“[The U-M/OSU game] had to feel different from anything else you were preparing for,” Perry says. “We would put Michigan scout team jerseys on the floor for players to walk on as they came into the facility.”

Such aggression is less overt among the student journalists. But there’s nothing like facing off against the very best, says OSU alum Sandy Hermanoff (’65), CEO of Hermanoff Public Relations. She serves on the Lantern‘s advisory board and is chair of the OSU School of Communication advisory board. Her husband Michael Hermanoff, BA ’62, is a Michigan alum who advises the Daily. He was the paper’s summer business manager when Tom Hayden, BA ’61, was editor-in-chief. Mike told LSA’s “Dateline Ann Arbor” that he used to sleep on the couch in the “ladies’ john” after putting the paper to bed.

His dedication has never waned. The Hermanoffs are diehard supporters of their respective college papers. They fund scholarships, mentor students, and were instrumental in creating the ‘Rivalry Edition’ fundraiser. They will celebrate their anniversary in a “house divided” on game day, Nov. 27.

“When Mike and I met we realized we had so many things in common,” Hermanoff says of their stints at the Lantern and Daily. “And we’ve had a lot of fun with it over the years. We don’t speak on game day, and after the game … well, I’ve been gloating for a number of years. Whoever wins gets to have their school’s paraphernalia up for a week.”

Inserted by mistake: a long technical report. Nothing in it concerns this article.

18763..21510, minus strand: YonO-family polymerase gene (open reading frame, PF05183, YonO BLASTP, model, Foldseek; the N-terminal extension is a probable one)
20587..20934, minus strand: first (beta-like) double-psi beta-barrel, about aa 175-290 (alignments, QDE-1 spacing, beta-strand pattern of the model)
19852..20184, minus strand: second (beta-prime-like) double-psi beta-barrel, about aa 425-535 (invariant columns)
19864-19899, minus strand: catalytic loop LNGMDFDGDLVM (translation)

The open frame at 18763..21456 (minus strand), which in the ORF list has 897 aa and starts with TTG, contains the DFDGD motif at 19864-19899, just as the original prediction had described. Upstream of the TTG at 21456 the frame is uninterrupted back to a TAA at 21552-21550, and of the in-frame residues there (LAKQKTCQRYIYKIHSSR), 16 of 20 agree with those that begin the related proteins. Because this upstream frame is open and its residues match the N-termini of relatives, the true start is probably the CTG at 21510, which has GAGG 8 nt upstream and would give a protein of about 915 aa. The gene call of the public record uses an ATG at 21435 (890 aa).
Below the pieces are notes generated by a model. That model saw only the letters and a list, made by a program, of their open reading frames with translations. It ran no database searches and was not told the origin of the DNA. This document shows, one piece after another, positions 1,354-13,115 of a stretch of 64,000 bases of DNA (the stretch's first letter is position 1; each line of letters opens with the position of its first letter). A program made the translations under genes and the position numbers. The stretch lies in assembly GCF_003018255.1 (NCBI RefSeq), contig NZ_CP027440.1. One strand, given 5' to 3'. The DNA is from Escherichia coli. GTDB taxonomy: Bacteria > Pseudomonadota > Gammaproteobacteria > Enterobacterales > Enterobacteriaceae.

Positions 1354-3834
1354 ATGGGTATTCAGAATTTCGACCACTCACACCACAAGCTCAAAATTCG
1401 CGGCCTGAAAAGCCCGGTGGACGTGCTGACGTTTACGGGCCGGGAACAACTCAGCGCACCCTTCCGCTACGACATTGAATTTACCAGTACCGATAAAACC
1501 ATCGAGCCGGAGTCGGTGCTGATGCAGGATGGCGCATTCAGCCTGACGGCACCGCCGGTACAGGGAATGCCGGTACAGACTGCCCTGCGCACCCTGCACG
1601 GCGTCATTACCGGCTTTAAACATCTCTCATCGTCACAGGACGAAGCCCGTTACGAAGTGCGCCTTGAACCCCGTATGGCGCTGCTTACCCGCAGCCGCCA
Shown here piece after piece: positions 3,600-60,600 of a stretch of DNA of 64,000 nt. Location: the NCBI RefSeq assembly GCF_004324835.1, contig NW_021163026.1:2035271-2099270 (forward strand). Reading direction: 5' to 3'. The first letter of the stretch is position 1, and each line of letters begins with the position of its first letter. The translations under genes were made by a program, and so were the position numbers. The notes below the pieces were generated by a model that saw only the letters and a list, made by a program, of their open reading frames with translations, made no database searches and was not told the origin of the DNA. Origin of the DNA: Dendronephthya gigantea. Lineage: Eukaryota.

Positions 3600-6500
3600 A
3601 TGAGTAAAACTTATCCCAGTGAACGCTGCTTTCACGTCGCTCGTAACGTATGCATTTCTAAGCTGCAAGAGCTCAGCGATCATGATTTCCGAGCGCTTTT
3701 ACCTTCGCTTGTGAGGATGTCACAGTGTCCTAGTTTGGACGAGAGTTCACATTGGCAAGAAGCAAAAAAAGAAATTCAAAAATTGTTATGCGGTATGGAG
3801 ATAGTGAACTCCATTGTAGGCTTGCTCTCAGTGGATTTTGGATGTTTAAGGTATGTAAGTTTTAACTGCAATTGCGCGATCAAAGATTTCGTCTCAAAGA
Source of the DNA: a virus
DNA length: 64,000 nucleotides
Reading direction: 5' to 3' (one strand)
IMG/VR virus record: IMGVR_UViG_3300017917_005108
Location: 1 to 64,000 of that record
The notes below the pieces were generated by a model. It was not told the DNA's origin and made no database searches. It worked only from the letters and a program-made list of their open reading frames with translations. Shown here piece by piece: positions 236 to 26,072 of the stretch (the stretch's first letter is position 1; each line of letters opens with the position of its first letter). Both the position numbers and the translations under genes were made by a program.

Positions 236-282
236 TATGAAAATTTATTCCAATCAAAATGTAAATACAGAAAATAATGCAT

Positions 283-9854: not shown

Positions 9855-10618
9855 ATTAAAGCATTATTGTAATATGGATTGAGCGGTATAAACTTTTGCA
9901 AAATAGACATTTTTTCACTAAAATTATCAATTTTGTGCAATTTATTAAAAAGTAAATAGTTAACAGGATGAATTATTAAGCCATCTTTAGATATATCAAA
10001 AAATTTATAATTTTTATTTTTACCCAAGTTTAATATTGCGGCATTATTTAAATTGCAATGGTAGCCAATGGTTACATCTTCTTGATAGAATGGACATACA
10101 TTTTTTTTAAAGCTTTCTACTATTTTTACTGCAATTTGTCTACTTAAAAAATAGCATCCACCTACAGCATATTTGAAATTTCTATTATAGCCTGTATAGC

Beyond the jersey

Brandstatter, who has been calling play-by-play for the Wolverines on radio and TV for 43 years, also lives in a “house divided.” His wife, longtime Detroit newscaster Robbie Timmons, graduated from OSU.

Ideally, Brandstatter says, the newsroom competition will provide common ground across universities and expand networking opportunities for the aspiring journalists.

“It’s good to learn that the person at OSU or U-M is not a one-horned maniac,” Brandstatter says. “We are giving students an opportunity to compete and to understand how to compete so they can take their career to the next level. These students may be working with each other – or for each other – one day in the future.

“We self-scout in football and constantly ask, ‘What can I do to win the next game?'” he continues. “And that’s how it is in life too. I’m a firm believer in competition. If you’re competing with each other, you’re going to learn something new and find a way to get better. Those lessons will be with you for a lifetime, whether competing in a game or for a job at a publication.”


  1. John Jay - BA 1967

    I remember the “ladies’ john” in the Michigan Daily building from a summer school part time custodian job in the mid-60s. Early mornings was the time I would come in and clean. For me, entering the “ladies’ john” was unusual, though enlightening. But my favorite memory was from my first time in the space when I came upon the sanitary napkin dispenser attached to the wall on which was scratched, “This candy tastes like cotton.” I still laugh about it 60 years later.